ADVERTISEMENT



Google       

Home -> Law Blog Directory -> Labor & Employment Law Blogs -> Texas Non-Compete Law Blog

OR PHONE (866) 635-1838 for Bankruptcy Help, (866) 635-6190 for Divorce,
(866) 635-2689 for Personal Injury or (866) 635-9402 for Criminal Defense

Find a Local Lawyer

Bankruptcy (866) 635-1838
Divorce (866) 635-6190
Personal Injury (866) 635-2689
Criminal Defense (866) 635-9402

Bookmark

Labor & Employment Law

: Texas Non-Compete Law Blog

Enforceability of Clawback Provisions in Texas

By Robert Wood

ADVERTISEMENTS

What happens when an employer gives an employee stock in exchange for a non-compete agreement, but the non-compete agreement is held to be unenforceable.  Does the employee still get to keep the stock?  This question was raised in a case in which the employer gave a ten percent ownership interest in the company to one of its employees.  The employer prepared a stock certificate in the employee's name, but it retained possession of the stock certificate. 

Approximately four years after executing the agreement, the employee left the employer and took a job with a competing company.  The employer claimed that because the employee breached the non-compete agreement, he was not entitled to the stock.  The employee filed suit seeking a declaratory judgment that the stock issued in his name should be delivered to him.

The trial court ruled that the noncompete agreement amounted to an unenforceable restraint of trade and awarded the employee the stock.  The court of appeals agreed that the noncompete agreement was unenforceable, because it was unlimited as to time and extended to customers with whom the employee had no association with while working for the employer. 

However, the court also held that the employee should not receive the stock. In reaching this conclusion, the court considered whether the promise not to compete and the promise of stock were mutually dependent promises.  That is, but for the employee's promise not to compete, the employer would not have promised to give him stock.  Because the employer did not get what it bargained for (i.e., the employee's noncompetition), the employee was not entitled to the consideration promised by the employer (i.e., the stock).  Therefore, the employee was allowed to work for the new employer, but he lost the stock.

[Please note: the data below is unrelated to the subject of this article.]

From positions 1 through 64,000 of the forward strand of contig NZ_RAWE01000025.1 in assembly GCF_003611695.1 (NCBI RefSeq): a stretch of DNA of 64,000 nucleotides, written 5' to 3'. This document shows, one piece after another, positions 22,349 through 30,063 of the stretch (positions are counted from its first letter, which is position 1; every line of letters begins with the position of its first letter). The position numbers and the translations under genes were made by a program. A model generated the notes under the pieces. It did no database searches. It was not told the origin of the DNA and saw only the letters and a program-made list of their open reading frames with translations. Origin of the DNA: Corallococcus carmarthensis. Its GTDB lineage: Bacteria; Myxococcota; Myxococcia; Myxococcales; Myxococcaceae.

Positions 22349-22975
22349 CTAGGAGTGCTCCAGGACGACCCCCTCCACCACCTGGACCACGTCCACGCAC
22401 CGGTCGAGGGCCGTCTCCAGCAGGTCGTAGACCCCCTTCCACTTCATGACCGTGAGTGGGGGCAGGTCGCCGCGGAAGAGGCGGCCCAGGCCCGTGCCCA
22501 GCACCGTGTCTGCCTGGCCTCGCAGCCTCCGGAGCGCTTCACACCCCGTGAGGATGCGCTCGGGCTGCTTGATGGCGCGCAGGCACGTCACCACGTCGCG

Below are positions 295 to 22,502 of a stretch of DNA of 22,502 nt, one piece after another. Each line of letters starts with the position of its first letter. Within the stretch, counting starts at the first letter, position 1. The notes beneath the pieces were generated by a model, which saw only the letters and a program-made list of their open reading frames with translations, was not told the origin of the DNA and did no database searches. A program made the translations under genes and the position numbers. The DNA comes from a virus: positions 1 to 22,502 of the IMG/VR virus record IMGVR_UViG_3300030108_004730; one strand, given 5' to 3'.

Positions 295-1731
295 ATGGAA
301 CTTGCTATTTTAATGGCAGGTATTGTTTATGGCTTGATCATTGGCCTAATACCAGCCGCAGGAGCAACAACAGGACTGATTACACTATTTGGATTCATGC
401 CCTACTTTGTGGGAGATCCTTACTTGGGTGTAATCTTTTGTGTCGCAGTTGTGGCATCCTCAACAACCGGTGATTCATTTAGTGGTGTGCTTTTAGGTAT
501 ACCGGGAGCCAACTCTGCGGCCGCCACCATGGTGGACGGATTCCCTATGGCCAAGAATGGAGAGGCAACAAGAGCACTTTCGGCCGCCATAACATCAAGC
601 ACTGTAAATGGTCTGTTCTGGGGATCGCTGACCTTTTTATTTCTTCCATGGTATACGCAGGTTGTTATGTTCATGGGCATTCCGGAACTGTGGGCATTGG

As we can see from this case, an employee who challenges the enforceability of a non-compete agreement may, if he or she prevails, forfeit the consideration (in this case, stock) that was given for the non-compete.


John R. Ray & Sons, Inc. v. Stroman, 923 S.W.2d 80 (Tex. App.—Houston [14th Dist.] 1996, writ denied).


 

Full post as published by Texas Non-Compete Law Blog on April 16, 2010 (boomark / email).

Bloggers, promote your law blog by nominating your blog for inclusion in USLaw.com's Law Blog Directory and RSS Reader. Benefits described.
Related Law Blog Posts
Search Blog Directory:

Search Blog Directory:

Related Law Articles

Lawsuits and Settlements

Related Searches

























































































































US Law
#1 Online Legal Resource













Your Blog Subscriptions
Subscribe to blogs

10,000+ Law Job Listings
Lawyer . Police . Paralegal . Etc
Earn a law-related degree
Are you the author of this blog? Adding USLaw.com to your Blogroll increases relevance. You qualify to display a USLaw Network badge.
Suggest changes to this blog's description or nominate another for inclusion. Register for updates.


Practice Area
Zip Code:

Contact a Lawyer Now!






1.5581 secs (new cache)